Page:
Viruses found on 66% of recovered USB keys

If employees in your company use USB memory sticks to carry around important documents, you may want to warn them about the dangers of those portable storage drives. A recent study shows how few precautions users of USB keys take. 

Those drives are often infected with malware, and many are lost by their owners while containing sensitive, uencrypted information, according to a recent study by security firm Sophos.

Security researchers looked at 50 USB keys that had been lost by commuters at a train station in Sydney, Australia. The drives were purchased from the railway at a public auction.

The devices’ previous owners were lucky they ended up with a security company and not a criminal. Many of the drives contained sensitive personal or work-related information, such as tax documents, software and web source code, and blueprints for projects. None of the drives were encrypted or seemed to contain any encrypted files.

In addition to that data, researchers found viruses — and lots of them. Two-thirds, or 33, of the keys were infected with malware.

Spreading malware through USB drives has become a popular tactic with hackers, as it’s often not caught by antivirus software and can be used to exploit PCs’ auto-run feature. In fact, a study from last year found that 27% of the malware attacks organizations face come from an infected USB drive.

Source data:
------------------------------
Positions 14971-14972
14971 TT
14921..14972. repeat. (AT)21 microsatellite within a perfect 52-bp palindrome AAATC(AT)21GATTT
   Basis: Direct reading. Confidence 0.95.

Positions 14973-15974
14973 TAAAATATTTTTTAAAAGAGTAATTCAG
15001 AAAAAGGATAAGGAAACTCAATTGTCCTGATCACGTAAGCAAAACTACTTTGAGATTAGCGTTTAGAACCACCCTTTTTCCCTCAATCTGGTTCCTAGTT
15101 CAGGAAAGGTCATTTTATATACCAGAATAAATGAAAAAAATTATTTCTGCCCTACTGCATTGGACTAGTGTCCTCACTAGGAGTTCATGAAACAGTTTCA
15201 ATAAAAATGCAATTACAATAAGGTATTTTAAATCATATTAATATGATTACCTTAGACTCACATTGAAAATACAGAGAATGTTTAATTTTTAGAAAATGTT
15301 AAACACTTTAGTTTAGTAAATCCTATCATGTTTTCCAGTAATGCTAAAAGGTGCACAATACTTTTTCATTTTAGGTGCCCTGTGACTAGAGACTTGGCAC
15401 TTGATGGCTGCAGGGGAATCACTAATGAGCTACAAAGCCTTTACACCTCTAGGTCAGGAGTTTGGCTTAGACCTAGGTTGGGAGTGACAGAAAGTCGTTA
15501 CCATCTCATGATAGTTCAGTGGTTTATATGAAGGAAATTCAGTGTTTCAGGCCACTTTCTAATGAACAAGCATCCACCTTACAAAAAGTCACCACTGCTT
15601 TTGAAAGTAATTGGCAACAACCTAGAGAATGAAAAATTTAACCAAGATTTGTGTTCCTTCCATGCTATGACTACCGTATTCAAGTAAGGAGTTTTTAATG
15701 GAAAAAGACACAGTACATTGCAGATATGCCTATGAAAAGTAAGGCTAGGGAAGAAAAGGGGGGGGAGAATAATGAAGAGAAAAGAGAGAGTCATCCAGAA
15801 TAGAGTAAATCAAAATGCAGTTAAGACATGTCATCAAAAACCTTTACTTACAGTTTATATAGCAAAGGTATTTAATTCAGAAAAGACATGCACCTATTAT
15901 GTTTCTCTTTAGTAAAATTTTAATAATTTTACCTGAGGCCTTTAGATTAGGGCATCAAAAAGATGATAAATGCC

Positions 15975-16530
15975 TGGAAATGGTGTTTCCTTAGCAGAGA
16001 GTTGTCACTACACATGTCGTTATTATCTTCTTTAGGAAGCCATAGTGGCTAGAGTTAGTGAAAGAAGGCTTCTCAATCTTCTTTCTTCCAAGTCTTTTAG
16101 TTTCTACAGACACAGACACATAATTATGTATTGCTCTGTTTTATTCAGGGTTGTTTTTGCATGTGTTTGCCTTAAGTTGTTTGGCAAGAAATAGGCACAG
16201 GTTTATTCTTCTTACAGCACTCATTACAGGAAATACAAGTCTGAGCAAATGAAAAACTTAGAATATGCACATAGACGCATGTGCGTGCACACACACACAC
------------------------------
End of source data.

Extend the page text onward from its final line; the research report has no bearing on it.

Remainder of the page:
To help prevent those attacks, experts recommend organizations:

  • disable USB ports for users who don’t need them
  • disable auto-play for USB drives
  • require storage devices to be approved by IT before they’re used, and
  • train users not to use drives if they don’t know where they came from, and not to open unknown files contained on drives.

As for the loss of important data due to USB keys being left behind, one source of the problem could be that the low cost of the drives makes users careless with them, Sophos suggests — researchers noted that in Australia, the average retail price of a USB key is less than that of a pint of beer.

IT can train users to understand that the drives may be cheap, but the data contained on them may have a big price tag. Also, providing users with secure, encrypted USB keys may keep users from bringing in their own unsecured drives.